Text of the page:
From 9 February to 22 May 2016
Early booking is recommended
In autumn 1911, Kirchner, like the rest of the members of Die Brücke , moved from Dresden to Berlin in pursuit of new stimuli. Since 1908 what was then the capital of the empire had been home to Otto Müller, a member of the group from 1910, and Max Pechstein , who had settled there after returning from Italy in 1908.
The world of the seething metropolis fascinated Kirchner and his painting underwent a transformation in both subject matter and style. During the months leading up to the Great War, following the breakup of the Die Brücke group in 1913 — “one of the most solitary periods of my life,” as he himself described it — Kirchner painted numerous Strassenszenen , street scenes which earned him deserved recognition as an Expressionist painter of the city. It was around that time that the writings of the sociologist George Simmel on the dehumanisation of city life, which were echoed in artists like Kirchner and writers such as his friend Alfred Döblin, the author of Berlin Alexanderplatz , were beginning to be disseminated. The artist wandered around the capital making quick sketches of the hasty passers-by and the many social outcasts who lived in old Berlin. He was particularly fascinated by circus artistes, cabaret dancers and prostitutes, whose existence on the fringes of society belonged, in Nietzschian terms, to the same world as the visual arts.
According to the inscription on the reverse, Strasse mit roter Kokotte was painted in Berlin in 1914. The central part of the composition is dominated by the figure of the whore dressed strikingly in red, turned into a symbol that is both bourgeois and anti-bourgeois. Standing at a street corner, she attracts the attention of several male passers-by depicted in the same scene. A postcard Kirchner sent Heckel on 4 April 1910 displays a very similar composition: a woman strolling by dressed in red, with a prominent diagonal that marks the passage of several male passers-by and an outlined figure in the foreground. This shows that while in Berlin Kirchner developed a number of artistic ideas that he had already touched on in his previous period.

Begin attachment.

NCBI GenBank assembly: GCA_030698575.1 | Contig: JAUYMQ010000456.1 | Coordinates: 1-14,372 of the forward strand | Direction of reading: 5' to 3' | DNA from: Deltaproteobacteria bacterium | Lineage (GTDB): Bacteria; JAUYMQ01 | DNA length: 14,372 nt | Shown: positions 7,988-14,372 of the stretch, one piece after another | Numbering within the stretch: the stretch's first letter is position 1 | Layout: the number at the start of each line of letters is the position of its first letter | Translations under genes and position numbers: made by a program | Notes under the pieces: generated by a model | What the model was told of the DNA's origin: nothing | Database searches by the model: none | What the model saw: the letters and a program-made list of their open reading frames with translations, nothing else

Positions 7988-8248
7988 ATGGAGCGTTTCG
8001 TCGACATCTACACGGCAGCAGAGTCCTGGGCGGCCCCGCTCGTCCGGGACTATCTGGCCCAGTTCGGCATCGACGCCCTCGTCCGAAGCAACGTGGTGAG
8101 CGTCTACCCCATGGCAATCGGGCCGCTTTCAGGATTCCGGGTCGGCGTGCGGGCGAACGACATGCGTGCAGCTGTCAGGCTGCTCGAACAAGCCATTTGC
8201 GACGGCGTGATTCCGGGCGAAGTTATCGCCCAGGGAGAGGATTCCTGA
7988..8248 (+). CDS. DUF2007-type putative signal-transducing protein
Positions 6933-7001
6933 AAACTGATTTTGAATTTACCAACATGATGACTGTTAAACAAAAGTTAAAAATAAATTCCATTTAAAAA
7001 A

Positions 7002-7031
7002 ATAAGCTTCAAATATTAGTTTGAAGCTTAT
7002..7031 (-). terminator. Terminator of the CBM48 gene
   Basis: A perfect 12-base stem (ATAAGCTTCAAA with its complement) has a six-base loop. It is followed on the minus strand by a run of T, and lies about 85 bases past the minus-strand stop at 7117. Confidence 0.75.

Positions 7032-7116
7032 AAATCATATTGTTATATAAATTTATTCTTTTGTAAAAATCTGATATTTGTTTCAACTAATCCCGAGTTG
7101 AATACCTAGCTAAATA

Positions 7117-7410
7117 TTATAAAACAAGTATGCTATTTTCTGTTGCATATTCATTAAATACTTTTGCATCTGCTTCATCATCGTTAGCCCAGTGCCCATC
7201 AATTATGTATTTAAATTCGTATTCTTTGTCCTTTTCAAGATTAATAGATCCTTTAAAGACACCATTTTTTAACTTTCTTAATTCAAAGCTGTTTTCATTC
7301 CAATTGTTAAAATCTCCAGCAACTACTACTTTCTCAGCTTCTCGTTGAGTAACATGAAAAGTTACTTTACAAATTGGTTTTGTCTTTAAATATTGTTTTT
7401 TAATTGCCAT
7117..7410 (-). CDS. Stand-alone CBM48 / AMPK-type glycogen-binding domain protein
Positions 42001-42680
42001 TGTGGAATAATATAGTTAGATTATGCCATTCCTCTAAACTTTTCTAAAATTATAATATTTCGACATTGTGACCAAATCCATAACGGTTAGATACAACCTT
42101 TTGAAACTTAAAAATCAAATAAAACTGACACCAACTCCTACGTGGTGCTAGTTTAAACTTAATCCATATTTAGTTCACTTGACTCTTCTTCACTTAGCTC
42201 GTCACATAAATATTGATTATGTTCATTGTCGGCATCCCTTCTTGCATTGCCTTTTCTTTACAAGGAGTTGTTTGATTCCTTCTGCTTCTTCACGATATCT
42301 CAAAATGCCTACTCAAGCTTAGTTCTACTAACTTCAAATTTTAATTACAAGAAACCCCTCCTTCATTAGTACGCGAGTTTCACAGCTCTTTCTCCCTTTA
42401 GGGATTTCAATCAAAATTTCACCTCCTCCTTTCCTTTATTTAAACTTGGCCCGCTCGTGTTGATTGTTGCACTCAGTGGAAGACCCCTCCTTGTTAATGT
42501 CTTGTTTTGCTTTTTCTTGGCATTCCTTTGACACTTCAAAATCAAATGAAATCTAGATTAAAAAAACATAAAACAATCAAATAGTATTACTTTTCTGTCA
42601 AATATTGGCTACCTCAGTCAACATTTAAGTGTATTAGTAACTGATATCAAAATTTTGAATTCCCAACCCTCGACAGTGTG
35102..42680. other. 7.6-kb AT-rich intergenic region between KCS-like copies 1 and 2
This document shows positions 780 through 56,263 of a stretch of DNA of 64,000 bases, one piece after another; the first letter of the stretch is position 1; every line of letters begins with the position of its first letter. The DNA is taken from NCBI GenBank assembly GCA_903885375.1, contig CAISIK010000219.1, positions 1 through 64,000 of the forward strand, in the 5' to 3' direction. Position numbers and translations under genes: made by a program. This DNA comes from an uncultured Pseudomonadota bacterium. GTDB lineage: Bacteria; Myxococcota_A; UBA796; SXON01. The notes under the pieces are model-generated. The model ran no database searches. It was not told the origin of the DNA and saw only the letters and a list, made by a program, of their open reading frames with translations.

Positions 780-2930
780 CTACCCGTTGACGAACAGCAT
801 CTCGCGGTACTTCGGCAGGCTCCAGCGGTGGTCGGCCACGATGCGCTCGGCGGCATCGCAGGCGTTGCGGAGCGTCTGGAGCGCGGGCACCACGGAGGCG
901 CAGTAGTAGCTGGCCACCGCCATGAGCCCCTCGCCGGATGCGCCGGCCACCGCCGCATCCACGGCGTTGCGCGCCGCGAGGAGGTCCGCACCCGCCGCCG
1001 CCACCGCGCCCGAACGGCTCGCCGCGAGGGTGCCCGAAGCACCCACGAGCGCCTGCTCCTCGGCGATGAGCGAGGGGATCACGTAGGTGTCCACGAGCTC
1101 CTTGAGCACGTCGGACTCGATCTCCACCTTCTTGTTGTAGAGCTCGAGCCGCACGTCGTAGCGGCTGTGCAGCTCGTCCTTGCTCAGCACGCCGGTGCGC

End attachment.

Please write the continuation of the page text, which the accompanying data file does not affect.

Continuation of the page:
The composition displays a geometric arrangement that structures the entire picture surface in an ordered manner and is painted in the angular, deformed style characteristic of the artist’s Berlin period, with an unstable space constructed by prominent diagonals that recall Munch and the formal schematisation of Cubism. The isolation of the figures, which, as Dube points out, is due to the fact that the artist wishes to convey “the hectic and unnatural condition of the modern metropolis,” is combined with an Expressionist spontaneity taken to an unprecedented intensity.
Years later, on 30 September 1925, the artist wrote in his diary at Davos that he had covered over the fast, nervous brushstrokes characteristic of the Berlin period of 1913 and 1914 with new, broad and flat layers more in accordance with his final style. There is a pastel painting very similar to the present work in Stuttgart — although much more explicitly erotic — which was described by Ketterer as “clearly the greatest of all [Kirchner’s] street scenes of prostitutes.” The nervous brushstrokes of the Stuttgart pastel give an idea of what the present painting must have looked like before it was later retouched by the artist.
According to Donald Gordon, the work passed directly from the artist’s Estate to the collection of Dr Ferdinand Ziersch and his family and to the Thyssen-Bornemisza collection. However, as Peter Vergo pointed out, in the correspondence between Kirchner and the dealer Ferdinand Möller of February and March 1929, his friend asked him for two paintings from before the war: Street with Red Streetwalker and Russian Dancer. Kirchner enclosed in his reply to Möller photos of the aforementioned works for him “to show to those interested.” On 30 March 1929 Möller wrote to Kirchner enquiring about the possibility of sending him the paintings so that they could be viewed by the collector Hermann Lange of Krefeld, who had shown an interest in purchasing them. However, it has not been possible to ascertain whether the painting was eventually sold or returned to the artist.